Crime & Courts

Anchorage is on track to break the record for most homicides in one year. What's going on?

The turning point seemed to come last Sunday morning, when Anchorage awoke to the news of two bodies found at a well-loved, much-used park in the heart of the city.

The people killed at Valley of the Moon park turned out to be Bryant "Brie" DeHusson, 25, and Kevin Turner, 34.

Such news is becoming a grim routine.

DeHusson and Turner were victims Nos. 24 and 25 in a year now on track to surpass Anchorage's previous annual record for most homicides.

In July alone, nine people were killed in the city.

In August, five.

The killings at Valley of the Moon park were especially jarring for many. The park, along the busy Chester Creek trail and adjacent to residential neighborhoods, is the kind of place where children have birthday parties, people hold daylong barbecues and people bring their pets to a fenced dog park.


[MAP: 2016 Anchorage homicides]

Sgt. Slawomir Markiewicz, the detective in charge of the Anchorage Police Department's homicide unit, noted he often rides his bike on the same Chester Creek trail.

On Tuesday, police issued a stark and unusual warning: Don't travel alone at night.

The FBI is now "assisting local police in investigating recent homicides in Anchorage," according to agency spokesperson Staci Feger-Pellessier. She deferred questions about why the FBI was now involved to Anchorage police.

"I cannot go into specifics," said department spokesperson Jennifer Castro.

City officials said more resources are being devoted to public safety. The public will "see officers on bikes and trails and on neighborhood patrols," said Anchorage Mayor Ethan Berkowitz in an email Wednesday.

"But we need to be extra aware of our surroundings and keep an eye out for one another," he said.

With relatively little case-specific information being released by a police department that is still actively investigating nearly half of the year's slayings, the unease felt by residents of Alaska's largest city has congealed into a single question repeated in online message boards, around dinner tables and in workplaces across the city: What's going on here?

The answer is complicated.

Historical context

It used to be that Anchorage reliably saw between a dozen and two dozen deaths attributable to homicidal violence each year.

"The homicide rate in Anchorage has always run between 12 and 24," said Mark Mew, who served as Anchorage's police chief from 2010 to 2015. "That was sort of the rule of thumb. We rarely did better than 12. And we rarely did worse than twice that."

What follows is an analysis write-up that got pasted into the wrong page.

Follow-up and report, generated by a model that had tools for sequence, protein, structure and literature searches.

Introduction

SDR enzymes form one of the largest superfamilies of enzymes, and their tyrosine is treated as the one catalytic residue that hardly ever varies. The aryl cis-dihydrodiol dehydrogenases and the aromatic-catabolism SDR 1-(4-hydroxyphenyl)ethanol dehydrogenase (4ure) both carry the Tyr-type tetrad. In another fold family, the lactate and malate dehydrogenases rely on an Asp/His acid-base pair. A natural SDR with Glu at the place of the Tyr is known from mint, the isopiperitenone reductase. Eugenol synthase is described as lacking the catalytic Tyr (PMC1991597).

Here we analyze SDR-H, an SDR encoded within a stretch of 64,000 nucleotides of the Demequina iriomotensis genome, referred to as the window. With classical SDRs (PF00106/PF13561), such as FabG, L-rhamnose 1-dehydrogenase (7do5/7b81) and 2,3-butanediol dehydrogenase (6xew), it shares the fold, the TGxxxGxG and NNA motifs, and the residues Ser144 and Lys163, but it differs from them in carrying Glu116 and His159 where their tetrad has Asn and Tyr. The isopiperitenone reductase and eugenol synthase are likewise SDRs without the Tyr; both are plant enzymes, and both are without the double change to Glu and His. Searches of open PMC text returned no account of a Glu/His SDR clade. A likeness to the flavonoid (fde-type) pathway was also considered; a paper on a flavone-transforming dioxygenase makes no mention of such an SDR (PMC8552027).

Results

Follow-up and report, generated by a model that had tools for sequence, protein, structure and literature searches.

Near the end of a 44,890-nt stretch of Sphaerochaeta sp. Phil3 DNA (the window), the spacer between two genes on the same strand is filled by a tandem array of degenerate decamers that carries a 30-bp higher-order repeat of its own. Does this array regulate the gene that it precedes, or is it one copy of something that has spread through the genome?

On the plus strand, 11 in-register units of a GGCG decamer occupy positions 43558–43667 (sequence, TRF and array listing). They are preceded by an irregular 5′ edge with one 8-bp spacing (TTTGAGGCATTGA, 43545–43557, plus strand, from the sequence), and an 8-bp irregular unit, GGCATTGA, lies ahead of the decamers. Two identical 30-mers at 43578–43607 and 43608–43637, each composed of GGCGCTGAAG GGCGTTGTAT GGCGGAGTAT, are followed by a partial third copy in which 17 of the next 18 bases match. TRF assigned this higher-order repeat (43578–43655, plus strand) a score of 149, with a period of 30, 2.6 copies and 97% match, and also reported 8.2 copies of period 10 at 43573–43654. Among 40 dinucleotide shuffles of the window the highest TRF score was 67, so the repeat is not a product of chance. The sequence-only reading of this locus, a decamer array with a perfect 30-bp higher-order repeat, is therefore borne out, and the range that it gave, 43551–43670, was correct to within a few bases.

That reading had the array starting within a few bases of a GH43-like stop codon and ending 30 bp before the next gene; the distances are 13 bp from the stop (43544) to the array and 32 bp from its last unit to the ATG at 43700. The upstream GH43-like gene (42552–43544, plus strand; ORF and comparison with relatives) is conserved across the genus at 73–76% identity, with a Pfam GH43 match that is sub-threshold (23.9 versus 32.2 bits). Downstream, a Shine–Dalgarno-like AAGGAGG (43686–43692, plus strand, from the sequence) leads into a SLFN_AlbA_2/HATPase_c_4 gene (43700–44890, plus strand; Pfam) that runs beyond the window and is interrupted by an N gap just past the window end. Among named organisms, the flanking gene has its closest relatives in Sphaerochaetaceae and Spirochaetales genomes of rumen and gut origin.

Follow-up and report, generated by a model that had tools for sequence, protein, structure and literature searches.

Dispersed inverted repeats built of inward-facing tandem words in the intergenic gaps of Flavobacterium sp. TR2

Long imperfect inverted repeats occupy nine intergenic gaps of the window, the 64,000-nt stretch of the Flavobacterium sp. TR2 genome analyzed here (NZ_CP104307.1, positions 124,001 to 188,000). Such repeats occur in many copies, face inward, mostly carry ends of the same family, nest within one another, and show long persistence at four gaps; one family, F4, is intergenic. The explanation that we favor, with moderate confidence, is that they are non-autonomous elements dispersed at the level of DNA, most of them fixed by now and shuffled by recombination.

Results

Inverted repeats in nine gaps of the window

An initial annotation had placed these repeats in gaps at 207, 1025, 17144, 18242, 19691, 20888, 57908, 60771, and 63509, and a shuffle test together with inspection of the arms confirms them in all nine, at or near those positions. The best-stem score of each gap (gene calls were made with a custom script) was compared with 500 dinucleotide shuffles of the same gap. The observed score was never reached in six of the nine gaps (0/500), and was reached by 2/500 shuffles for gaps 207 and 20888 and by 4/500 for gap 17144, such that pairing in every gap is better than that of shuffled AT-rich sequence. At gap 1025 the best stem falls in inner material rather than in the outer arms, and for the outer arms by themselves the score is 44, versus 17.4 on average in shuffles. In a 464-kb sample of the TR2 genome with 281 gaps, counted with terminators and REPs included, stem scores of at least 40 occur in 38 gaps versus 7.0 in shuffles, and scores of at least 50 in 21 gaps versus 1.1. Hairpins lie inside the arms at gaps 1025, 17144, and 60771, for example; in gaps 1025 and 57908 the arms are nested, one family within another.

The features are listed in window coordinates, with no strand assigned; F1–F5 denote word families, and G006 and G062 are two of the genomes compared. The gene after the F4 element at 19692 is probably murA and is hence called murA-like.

[In letter, Valley of the Moon residents plead for more police patrols]

But there have been striking peaks and valleys: After a long run of years in the late 1980s during which there were no more than 15 homicides, the early and mid-1990s saw a dramatic increase.

In 1995, some 29 people were victims of homicides in Anchorage — at a time when the city had about 50,000 fewer residents than today.

Police attributed the bloodshed to gangs and drugs sowing violence.

"The deadliest year: Violent drug culture helps push killings to record," read one headline in the Anchorage Daily News analyzing the trend.


At the time, Anchorage's homicide rate — the number per 100,000 residents — topped Seattle and Portland, according to the article.

The mid-1990s increase in homicides mirrored a broader national trend. Violent crime in America reached its peak in the mid-1990s, said Troy Payne, an assistant professor at UAA's Justice Center.

Then, around 1998, homicide rates again began falling in Anchorage and elsewhere. Criminologists are still trying to figure out exactly why.

"There's a lot of argument about why that happened," said Payne. "In most parts of the country, crime rates fell for both property crime and violent crime like homicides from the late 1990s all the way to the last year or two."

Anchorage's annual homicide totals ran in the teens from 1998 until 2007, when the number jumped to 22, according to FBI data.

The rise in 2007 has been attributed to a retaliatory war between different gang factions in the city. It quickly leveled out, falling to 10 deaths in 2008 and staying in the low teens.

Then last year, the number spiked again, with 25 homicides, according to the police department.

The numbers provided by APD don't include people killed by police officers in shootings ruled by the department to be justified. Last year, one person, John Martin Whittaker, was killed by a police officer in Anchorage. This year, two people — Herman Bean and Benjamin Zeckovic have been killed by police officers in Anchorage.


Anchorage is again not alone in the rising violence. Homicide rates are creeping upward and in some cases skyrocketing in some cities, noted Payne, the UAA criminologist.

In an interview last month, Berkowitz said "national trends" could be at play in what's happening in Anchorage.

"There's been a  little bit of escalating violence across the country," he said.

There's no one easy answer why. Some theories include ease of access to weapons and the comeback of some kinds of hard drugs and resulting instability in illicit drug markets, Payne said. The drivers vary by geography too: Battles for drug markets in one area, crushing poverty in another, lack of faith in the criminal justice system in another.

In Anchorage? Way too early to say why. Payne says that while every homicide is a tragedy, Anchorage still has a relatively small number of them — which makes it hard to make generalizations about what's driving them. 

"It makes it a really complex question," Payne said. "We seek singular causation — OK, what's the answer? And the truth is probably there's a constellation of answers."

A city data analyst is working on modeling that will help make choices about where to best deploy public safety resources, Berkowitz said.

What's clear is that 2016 cemented the rising trend, with 25 homicides and four months left to go in the year.

The summer has been especially violent.

Anchorage's raw number of homicides at of the end of July put it in the neighborhood of metropolitan police departments such as Denver (19 homicides) and Oklahoma City (20), according to the midyear violent crime survey from the Major Cities Chiefs Police Association, a consortium of urban law enforcement agencies.